The Third Reconstruction: Moral Mondays, Fusion Politics, and the Rise of a New Justice Movement

The Third ReconstructionBy William J. Barber II, with Jonathan Wilson-Hartgrove. Beacon Press, 2016. 138 pages. $24.95/hardcover; $16/paperback; $23.99/eBook.

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Many of us still grieve and wonder about the death of Martin Luther King Jr. Did his growing clarity about the connections between racism, war, poverty, and economics make him more of a target? What kind of expanded movement for peace and justice might have grown under his leadership if he hadn’t been killed? What work would he be engaged in were he alive today? The Third Reconstruction provides a brief, accessible, and compelling account of one possible arc of that story.

Reverend William Barber’s youth was shaped by the Civil Rights Movement. His father was a minister who spent his life nurturing calls to justice in small churches throughout North Carolina. Ultimately Barber too felt called to the ministry. He cut his teeth on a workers’ rights struggle in Virginia, where a corporate divide-and-conquer strategy won the day but taught him critical lessons about moral leadership and the need for unity. Then he found himself back home, pastoring a small town church and asking what the good news of the Gospel might look like to the poor of Goldsboro, N.C.

His little historically black church started a community development corporation that offered a freedom school for youth, built low-income housing, and set up a reentry program for returning citizens, all for the benefit of everyone in the community. In the process, he learned that the Church didn’t have a monopoly on God’s dream, but that Spirit was stirring all over the community. “I was searching for a model of engagement that took seriously what I knew biblically, historically, and personally—namely that fusion coalitions rooted in moral dissent have power to transform our world from the grassroots community up.”

Barber kept expanding his reach, pulling more and more groups into a growing statewide coalition. It wasn’t easy: these diverse groups had to learn through struggle to stand together where their values united them and to respect each other where their traditions differed. But they were united in challenging the right wing agenda that started taking over North Carolina in 2010.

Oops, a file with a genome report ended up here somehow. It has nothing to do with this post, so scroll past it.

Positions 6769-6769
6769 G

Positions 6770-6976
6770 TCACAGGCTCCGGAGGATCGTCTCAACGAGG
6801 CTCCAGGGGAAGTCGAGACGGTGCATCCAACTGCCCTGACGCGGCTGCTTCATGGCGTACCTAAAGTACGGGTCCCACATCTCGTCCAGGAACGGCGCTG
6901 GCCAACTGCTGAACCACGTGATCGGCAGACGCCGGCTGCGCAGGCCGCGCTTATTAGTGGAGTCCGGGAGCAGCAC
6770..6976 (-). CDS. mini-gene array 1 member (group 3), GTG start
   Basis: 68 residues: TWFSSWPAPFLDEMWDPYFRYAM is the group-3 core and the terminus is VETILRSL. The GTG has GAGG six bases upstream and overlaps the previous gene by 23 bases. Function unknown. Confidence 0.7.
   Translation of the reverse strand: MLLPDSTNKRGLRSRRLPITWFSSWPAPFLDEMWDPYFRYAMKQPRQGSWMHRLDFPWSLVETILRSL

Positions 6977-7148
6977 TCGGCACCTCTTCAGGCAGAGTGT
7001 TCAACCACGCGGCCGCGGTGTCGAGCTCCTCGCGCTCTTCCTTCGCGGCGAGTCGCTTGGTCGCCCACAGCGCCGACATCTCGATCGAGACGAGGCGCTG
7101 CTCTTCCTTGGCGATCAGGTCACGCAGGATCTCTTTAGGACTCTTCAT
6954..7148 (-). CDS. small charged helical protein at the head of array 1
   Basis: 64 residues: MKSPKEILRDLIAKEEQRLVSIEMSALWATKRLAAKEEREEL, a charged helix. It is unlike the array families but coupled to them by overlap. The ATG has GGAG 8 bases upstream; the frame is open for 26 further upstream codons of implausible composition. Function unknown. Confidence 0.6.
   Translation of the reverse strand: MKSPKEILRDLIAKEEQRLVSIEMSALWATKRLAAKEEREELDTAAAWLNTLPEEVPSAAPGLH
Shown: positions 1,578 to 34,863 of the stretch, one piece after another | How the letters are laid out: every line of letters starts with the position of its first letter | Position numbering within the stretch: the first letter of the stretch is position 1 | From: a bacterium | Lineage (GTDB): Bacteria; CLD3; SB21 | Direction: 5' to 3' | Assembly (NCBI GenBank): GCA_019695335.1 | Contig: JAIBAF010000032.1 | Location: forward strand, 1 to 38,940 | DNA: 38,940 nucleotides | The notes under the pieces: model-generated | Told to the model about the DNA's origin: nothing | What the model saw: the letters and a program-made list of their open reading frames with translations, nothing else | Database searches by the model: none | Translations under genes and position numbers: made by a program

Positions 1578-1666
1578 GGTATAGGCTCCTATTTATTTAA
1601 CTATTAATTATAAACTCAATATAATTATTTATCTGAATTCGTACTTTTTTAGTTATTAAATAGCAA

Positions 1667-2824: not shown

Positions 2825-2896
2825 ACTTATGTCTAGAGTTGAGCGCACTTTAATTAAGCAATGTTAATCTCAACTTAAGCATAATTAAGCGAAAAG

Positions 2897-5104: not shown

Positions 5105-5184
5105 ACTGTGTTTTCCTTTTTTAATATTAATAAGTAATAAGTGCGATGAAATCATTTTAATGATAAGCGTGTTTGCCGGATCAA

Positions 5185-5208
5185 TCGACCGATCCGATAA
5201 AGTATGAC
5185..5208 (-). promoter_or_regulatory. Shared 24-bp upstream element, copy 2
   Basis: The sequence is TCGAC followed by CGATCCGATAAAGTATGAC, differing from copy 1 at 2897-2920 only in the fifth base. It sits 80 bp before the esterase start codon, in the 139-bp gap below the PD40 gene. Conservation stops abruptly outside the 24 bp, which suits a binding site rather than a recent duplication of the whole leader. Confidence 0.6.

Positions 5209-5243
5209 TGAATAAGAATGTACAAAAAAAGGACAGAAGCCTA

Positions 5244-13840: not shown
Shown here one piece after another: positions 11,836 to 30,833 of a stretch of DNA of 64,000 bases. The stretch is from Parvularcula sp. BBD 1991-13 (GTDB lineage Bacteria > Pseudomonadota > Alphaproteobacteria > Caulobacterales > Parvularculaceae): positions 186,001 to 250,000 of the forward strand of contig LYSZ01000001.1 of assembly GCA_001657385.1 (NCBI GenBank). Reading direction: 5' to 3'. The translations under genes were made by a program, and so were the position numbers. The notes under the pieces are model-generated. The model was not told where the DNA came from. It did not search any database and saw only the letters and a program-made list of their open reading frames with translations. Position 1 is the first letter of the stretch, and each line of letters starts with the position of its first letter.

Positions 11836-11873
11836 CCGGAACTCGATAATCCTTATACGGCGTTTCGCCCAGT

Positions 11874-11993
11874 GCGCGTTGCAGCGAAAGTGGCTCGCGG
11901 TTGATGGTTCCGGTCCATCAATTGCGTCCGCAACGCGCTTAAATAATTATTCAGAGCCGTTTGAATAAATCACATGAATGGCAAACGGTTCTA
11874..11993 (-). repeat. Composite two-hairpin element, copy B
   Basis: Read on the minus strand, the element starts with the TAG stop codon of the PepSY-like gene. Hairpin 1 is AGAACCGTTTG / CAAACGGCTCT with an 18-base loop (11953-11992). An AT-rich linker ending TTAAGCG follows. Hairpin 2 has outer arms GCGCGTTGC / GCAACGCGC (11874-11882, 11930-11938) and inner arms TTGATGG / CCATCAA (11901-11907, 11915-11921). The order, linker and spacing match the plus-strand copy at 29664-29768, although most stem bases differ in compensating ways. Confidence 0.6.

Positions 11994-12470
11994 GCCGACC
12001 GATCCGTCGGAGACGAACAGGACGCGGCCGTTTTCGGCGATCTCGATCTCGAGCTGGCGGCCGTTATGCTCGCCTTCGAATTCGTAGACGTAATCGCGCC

I was particularly moved and inspired by his description of the liturgy that developed on what came to be known as Moral Mondays, as thousands of people stood outside their statehouse every Monday evening for 13 weeks in 2013. They started with song, reworking old freedom songs and improvising new chants, always remembering the different cultural and faith traditions of those present. There was time for testimony from those directly affected by economic hardship and injustice; then a space for economists, public policy experts, and lawyers to provide background and depth; then a sermon, with Christian, Jewish, and Muslim clerics offering the deepest shared values of their faith traditions; and then the “alter call.”

At this time, people were invited to “come forward and make a public profession of their faith in a new North Carolina by exercising their constitutional right to petition their legislators in the General Assembly. They knew, of course, that they were risking arrest. . . . It was an awe-inspiring sight, week after week, to watch the crowd part and make way for these nonviolent foot soldiers who were ready to sacrifice their own freedom to put our proposed future into practice.” Barber talks about how a new kind of revival had taken hold, and about the potency of liturgy done in the public square.

I was struck anew by the power of the Gospel, when taken seriously and applied with integrity in our wider social life. A conservative Christian in the best sense of the word, Barber labels those who pick Bible verses selectively to bolster their cultural views as being “liberal” with the Gospel teaching. Whatever his faith tradition’s teaching on marriage, he finds a place to stand in support of gay marriage based on the clarity in all faiths that codification of hate is never righteous, and legalized discrimination is never just. His story is a reminder that anyone who finds his or her way to the heart of religion can become a power to be reckoned with.

Barber believes that since this is a moral struggle, those who are involved will win if they don’t give up. He hopes that his story—of Moral Mondays, fusion politics, and the rise of a new justice movement—will inspire others in other states across the country to “dare to stand together to expose twenty-first-century injustice and give us a shared vision for a Third Reconstruction to save the soul of America.” I hope so too.

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